Springtime is here! And that means warmer weather, blooming flowers, and… seasonal allergies. Although allergies can’t be prevented entirely, preparation is crucial in preventing symptoms from ruining your travel assignment this spring. Here are five tips to help you survive allergy season as a traveling healthcare professional:
#1 Know your allergens.
Allergies and their symptoms vary from person to person, so identifying your allergens can help you enjoy spring anywhere. Seasonal allergies typically occur in the spring, summer, or fall and have several triggers. Common allergens include:
- Trees (Birch, Oak, Cedar, Walnut, & Hickory)
- Grasses (Timothy, Bermuda, & Kentucky Blue)
- Weeds (Ragweed, Sagebrush, & Pigweed)
- Dust mites
- Mold spores
- Pet dander
Allergies affect everyone differently, but here are the most common symptoms:
- Itchy eyes
- Runny nose
- Scratchy throat
- Breathing problems/wheezing
- Asthma attacks
#2 Know the pollen count in your assignment area.
Depending on your allergens, pollen count can affect the severity of your symptoms. Because pollen is the most common trigger of seasonal allergies, it is essential to understand the pollen levels where you’re traveling to. Research the local news stations in your assignment area before you arrive to prepare and pack your allergy essentials adequately.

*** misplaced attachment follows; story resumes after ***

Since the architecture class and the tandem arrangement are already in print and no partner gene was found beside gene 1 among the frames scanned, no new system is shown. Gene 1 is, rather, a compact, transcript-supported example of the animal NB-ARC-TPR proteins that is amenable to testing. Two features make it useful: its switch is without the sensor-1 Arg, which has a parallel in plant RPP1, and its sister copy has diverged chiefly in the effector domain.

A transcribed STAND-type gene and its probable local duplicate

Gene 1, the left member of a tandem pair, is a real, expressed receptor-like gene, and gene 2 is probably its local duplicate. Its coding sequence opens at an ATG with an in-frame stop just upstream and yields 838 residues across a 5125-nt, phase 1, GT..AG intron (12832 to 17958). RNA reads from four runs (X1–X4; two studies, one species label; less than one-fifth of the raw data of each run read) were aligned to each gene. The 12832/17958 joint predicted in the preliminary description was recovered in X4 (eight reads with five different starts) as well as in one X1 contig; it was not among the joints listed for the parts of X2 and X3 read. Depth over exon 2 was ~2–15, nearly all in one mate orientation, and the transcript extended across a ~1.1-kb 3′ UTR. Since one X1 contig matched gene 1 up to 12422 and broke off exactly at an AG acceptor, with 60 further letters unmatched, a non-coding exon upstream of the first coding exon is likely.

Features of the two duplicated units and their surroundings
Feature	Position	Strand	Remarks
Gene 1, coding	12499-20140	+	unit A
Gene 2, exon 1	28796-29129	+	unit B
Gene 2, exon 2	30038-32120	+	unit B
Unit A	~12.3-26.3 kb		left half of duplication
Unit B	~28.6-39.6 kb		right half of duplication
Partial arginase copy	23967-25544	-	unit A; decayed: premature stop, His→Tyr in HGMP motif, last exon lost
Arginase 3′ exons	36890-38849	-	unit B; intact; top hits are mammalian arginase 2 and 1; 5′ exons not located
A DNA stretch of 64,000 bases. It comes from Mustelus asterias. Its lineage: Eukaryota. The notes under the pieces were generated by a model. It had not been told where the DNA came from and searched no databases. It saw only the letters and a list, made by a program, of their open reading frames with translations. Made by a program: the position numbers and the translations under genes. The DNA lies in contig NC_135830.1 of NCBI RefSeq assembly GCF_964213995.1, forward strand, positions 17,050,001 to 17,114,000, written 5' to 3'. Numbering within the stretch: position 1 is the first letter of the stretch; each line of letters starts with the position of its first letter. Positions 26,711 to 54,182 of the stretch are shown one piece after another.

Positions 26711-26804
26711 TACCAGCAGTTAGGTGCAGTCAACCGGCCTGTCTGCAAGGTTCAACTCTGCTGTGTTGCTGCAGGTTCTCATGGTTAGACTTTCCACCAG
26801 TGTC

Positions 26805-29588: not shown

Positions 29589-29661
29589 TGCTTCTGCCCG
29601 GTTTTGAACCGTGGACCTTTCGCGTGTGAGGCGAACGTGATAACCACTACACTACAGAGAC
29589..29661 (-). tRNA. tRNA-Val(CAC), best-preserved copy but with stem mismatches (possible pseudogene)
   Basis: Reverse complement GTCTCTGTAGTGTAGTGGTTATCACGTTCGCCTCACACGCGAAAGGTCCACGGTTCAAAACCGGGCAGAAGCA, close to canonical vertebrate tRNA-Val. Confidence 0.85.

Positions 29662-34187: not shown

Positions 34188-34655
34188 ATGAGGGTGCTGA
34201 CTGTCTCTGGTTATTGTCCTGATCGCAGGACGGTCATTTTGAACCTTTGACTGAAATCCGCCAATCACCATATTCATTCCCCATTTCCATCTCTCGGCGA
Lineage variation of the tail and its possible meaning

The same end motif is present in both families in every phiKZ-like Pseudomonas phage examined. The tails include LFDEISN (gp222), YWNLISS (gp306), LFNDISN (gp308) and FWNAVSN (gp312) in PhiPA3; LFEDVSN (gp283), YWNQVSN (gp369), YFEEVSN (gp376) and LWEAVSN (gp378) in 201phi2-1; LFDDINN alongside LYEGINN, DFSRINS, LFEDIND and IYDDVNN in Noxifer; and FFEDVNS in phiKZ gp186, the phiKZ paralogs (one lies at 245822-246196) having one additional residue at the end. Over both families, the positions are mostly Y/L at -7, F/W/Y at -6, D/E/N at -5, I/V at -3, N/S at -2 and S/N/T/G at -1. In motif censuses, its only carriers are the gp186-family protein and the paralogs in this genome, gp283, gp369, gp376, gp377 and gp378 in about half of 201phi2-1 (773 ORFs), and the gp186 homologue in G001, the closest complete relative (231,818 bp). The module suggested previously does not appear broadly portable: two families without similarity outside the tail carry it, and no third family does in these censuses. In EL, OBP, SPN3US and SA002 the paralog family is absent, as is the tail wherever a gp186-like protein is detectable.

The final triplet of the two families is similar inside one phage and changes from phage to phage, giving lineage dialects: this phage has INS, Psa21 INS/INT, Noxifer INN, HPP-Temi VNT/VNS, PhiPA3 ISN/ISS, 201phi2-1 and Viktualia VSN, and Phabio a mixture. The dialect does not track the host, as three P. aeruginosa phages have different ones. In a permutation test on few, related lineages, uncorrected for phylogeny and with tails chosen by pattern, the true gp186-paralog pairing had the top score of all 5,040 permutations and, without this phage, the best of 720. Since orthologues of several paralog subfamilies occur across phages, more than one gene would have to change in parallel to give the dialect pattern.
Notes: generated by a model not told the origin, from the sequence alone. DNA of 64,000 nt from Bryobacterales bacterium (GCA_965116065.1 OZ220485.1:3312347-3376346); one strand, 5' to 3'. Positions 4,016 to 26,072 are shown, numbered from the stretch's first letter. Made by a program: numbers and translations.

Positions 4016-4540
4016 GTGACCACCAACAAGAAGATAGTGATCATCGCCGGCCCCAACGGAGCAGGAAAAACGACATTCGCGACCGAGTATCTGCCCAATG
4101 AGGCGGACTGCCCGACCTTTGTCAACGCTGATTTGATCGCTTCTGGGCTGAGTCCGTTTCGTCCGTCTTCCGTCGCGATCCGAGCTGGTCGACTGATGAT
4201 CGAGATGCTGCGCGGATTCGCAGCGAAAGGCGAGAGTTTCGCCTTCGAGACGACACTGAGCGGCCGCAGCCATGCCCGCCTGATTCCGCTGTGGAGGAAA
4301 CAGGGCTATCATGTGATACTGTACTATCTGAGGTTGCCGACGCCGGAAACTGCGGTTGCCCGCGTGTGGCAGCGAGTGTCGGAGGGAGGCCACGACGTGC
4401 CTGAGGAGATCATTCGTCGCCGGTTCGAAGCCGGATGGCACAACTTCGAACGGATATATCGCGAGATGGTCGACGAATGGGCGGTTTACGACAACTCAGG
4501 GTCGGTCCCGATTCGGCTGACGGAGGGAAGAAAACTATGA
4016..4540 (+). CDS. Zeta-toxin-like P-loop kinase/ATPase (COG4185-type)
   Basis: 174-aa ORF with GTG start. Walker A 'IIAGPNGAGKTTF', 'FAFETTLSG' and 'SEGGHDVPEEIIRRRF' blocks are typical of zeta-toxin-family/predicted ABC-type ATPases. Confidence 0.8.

#3 Prepare before you go.
If you know your allergies will flare up, you should start taking over-the-counter (OTC) medications a few days before you leave for your travel assignment. OTC decongestants and antihistamines can help reduce allergy symptoms, and saline nasal spray can aid in keeping nasal membranes moist in dry conditions. In addition to getting a head start on your allergy medications, you should ensure they are easily accessible while driving or flying to your assignment.
#4 Limit outdoor activity.
Avoiding pollen altogether is unlikely, but steering clear of the outdoors during peak pollen hours (5:00 a.m. – 10:00 a.m.) can reduce allergy symptoms. If you can’t avoid being outside, wearing hats or other head coverings and glasses/sunglasses can help keep pollen out of your hair and eyes. Be sure to shower and rinse away pollen that attached itself to your clothes, body, and hair throughout the day.
#5 Focus on your well-being.
Allergy symptoms can be severe, so focus on your well-being and take a break if you’re not feeling well. If your allergy symptoms don’t improve, you should visit your medical provider to help you get back to feeling your best.
Allergy season doesn’t have to prevent you from picking up a springtime travel assignment; these tips can help you make the most of it! Being proactive with your allergies and their symptoms can make a big difference. Find your spring travel assignment with RTG Medical! Our recruiters are ready to help you find the perfect position in the perfect place. We offer a variety of locations, compensation, benefits, and 24-hour service. Check out the job opportunities at RTG Medical or contact us today to start your next adventure!
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